Remember when newspapers were the first draft of history? Now that title goes to something new: the status update.
That’s the message we get from “Tweets from Tahrir,” a book collecting comments and photographs posted to Twitter during last month’s revolution in Egypt. Mediabistro reported that the April publication from OR Books will contain “a selection of key tweets in a compelling, fast-paced narrative, allowing the story of the uprising to be told directly by the people in Cairo’s Tahrir Square.” The New York Times says the book appears to be the first of its kind.
The gimmick could work. Reading Twitter updates in real time when dramatic news breaks does give a sense of being in the midst of a crowd. There’s no reason collecting curated tweets would be that different from editing on-the-spot interviews into a narrative.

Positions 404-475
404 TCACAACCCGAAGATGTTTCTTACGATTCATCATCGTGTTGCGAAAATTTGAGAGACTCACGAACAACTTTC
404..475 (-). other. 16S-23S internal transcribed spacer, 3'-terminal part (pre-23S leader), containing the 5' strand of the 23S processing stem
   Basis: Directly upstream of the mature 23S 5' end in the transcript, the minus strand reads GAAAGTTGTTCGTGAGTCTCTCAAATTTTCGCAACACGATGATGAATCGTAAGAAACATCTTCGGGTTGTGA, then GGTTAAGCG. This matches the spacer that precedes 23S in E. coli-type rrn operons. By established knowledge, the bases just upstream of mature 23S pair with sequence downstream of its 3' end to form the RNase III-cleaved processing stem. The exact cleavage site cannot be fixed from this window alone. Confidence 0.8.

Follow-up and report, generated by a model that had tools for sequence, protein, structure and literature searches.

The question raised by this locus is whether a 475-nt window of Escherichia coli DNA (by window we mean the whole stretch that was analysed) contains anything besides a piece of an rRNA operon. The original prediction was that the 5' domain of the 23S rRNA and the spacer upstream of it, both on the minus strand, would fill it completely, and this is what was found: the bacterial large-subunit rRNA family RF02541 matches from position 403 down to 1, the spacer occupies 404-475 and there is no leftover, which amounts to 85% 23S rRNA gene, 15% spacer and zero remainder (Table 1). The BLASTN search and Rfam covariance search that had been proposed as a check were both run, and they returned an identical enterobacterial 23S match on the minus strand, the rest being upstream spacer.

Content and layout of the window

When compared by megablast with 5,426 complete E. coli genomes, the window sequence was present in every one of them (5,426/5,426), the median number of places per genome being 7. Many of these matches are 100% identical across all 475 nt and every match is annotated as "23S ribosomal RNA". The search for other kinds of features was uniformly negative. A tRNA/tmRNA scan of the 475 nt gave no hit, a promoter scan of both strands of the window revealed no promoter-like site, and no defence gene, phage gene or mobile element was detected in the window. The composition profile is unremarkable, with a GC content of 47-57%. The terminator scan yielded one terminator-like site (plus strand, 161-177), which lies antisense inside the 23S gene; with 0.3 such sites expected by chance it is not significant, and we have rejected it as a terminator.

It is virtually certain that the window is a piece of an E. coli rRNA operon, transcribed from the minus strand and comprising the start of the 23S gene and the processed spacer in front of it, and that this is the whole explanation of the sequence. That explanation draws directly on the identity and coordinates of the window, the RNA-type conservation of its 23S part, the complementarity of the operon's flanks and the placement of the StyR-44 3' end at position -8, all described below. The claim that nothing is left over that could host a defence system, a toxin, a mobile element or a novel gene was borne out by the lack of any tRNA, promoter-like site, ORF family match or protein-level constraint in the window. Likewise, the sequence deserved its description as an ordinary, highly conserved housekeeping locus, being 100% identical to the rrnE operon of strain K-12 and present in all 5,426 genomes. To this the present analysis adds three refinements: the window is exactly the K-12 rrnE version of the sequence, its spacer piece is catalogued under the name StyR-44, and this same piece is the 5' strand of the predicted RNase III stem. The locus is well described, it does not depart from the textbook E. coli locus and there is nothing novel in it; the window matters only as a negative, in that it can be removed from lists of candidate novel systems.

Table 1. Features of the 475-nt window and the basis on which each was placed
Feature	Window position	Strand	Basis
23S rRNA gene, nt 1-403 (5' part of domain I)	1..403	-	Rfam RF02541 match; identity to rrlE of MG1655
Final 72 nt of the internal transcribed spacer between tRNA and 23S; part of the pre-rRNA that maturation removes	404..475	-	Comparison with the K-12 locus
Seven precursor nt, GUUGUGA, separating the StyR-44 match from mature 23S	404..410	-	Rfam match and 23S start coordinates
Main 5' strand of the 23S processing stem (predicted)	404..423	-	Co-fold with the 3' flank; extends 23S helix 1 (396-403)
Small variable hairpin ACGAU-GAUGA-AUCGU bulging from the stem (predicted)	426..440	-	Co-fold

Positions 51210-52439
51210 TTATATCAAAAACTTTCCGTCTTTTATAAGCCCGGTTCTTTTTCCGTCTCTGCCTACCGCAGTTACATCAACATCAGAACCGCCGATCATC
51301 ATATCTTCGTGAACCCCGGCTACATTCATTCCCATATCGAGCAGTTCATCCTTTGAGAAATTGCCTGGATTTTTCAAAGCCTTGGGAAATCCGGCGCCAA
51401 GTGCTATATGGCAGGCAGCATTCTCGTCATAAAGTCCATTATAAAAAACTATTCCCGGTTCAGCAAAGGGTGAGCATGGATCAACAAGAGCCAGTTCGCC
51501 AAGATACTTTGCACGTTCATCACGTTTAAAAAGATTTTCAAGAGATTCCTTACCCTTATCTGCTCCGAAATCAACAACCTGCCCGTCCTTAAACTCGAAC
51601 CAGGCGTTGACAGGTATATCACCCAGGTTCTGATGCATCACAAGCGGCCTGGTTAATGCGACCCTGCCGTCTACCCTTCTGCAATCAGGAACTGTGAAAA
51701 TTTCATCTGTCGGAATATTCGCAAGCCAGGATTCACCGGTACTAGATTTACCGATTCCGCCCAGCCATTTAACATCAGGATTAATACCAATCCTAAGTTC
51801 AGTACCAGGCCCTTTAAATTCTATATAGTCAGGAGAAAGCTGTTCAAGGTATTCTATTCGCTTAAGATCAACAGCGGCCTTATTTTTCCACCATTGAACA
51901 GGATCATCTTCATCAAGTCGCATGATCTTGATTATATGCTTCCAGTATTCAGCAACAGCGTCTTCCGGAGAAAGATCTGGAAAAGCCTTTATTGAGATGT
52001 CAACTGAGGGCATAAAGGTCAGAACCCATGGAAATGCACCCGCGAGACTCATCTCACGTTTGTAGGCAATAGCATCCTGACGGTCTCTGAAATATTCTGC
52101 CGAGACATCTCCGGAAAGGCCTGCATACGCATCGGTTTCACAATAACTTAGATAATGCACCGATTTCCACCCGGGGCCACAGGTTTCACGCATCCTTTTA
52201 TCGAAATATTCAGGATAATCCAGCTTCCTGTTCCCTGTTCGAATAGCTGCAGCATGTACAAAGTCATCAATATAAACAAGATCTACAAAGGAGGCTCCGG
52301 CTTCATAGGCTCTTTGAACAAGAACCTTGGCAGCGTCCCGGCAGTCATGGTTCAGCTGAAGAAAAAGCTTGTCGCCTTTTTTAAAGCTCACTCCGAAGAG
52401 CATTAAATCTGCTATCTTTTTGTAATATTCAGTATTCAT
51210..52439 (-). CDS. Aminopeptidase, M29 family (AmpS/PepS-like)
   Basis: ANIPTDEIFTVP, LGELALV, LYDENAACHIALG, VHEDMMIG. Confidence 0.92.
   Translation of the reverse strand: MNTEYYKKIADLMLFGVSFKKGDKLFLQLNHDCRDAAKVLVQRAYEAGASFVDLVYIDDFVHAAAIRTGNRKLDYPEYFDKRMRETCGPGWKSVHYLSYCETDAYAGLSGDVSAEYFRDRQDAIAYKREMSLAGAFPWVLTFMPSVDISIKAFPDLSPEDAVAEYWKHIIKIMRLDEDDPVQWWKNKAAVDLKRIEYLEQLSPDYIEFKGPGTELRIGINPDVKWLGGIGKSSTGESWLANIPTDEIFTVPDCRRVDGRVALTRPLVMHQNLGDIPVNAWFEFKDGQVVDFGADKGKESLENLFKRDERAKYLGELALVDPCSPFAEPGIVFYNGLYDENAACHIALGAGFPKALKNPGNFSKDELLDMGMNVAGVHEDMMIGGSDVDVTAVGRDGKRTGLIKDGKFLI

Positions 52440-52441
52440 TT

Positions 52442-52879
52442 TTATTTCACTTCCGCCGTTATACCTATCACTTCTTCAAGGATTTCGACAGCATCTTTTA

People being interviewed, though, understand that their words will be used to tell a story. Is it fair to collect, edit, and sell a tweet, where the authors don’t have the same assumptions? The New Yorker took on those questions, learning from the publishing company that the book’s editors have received permission from everyone whose tweets will be included in the collection. (The tweeters are not, however, being paid.)
Most tweets could not be copyrighted anyway, the New Yorker noted. “Still, these questions will become increasingly important as social media content provided from people around the world becomes a more central component of news coverage…,” the article said. “Many users know that their tweets might end up on CNN, they might even hope for such a thing, but I suspect that some of us forget just how far afield our bursts of a hundred and forty characters or fewer might travel.”
Are status updates from a public account public property when it comes to publication? Would you mind if your tweets appeared on the printed page?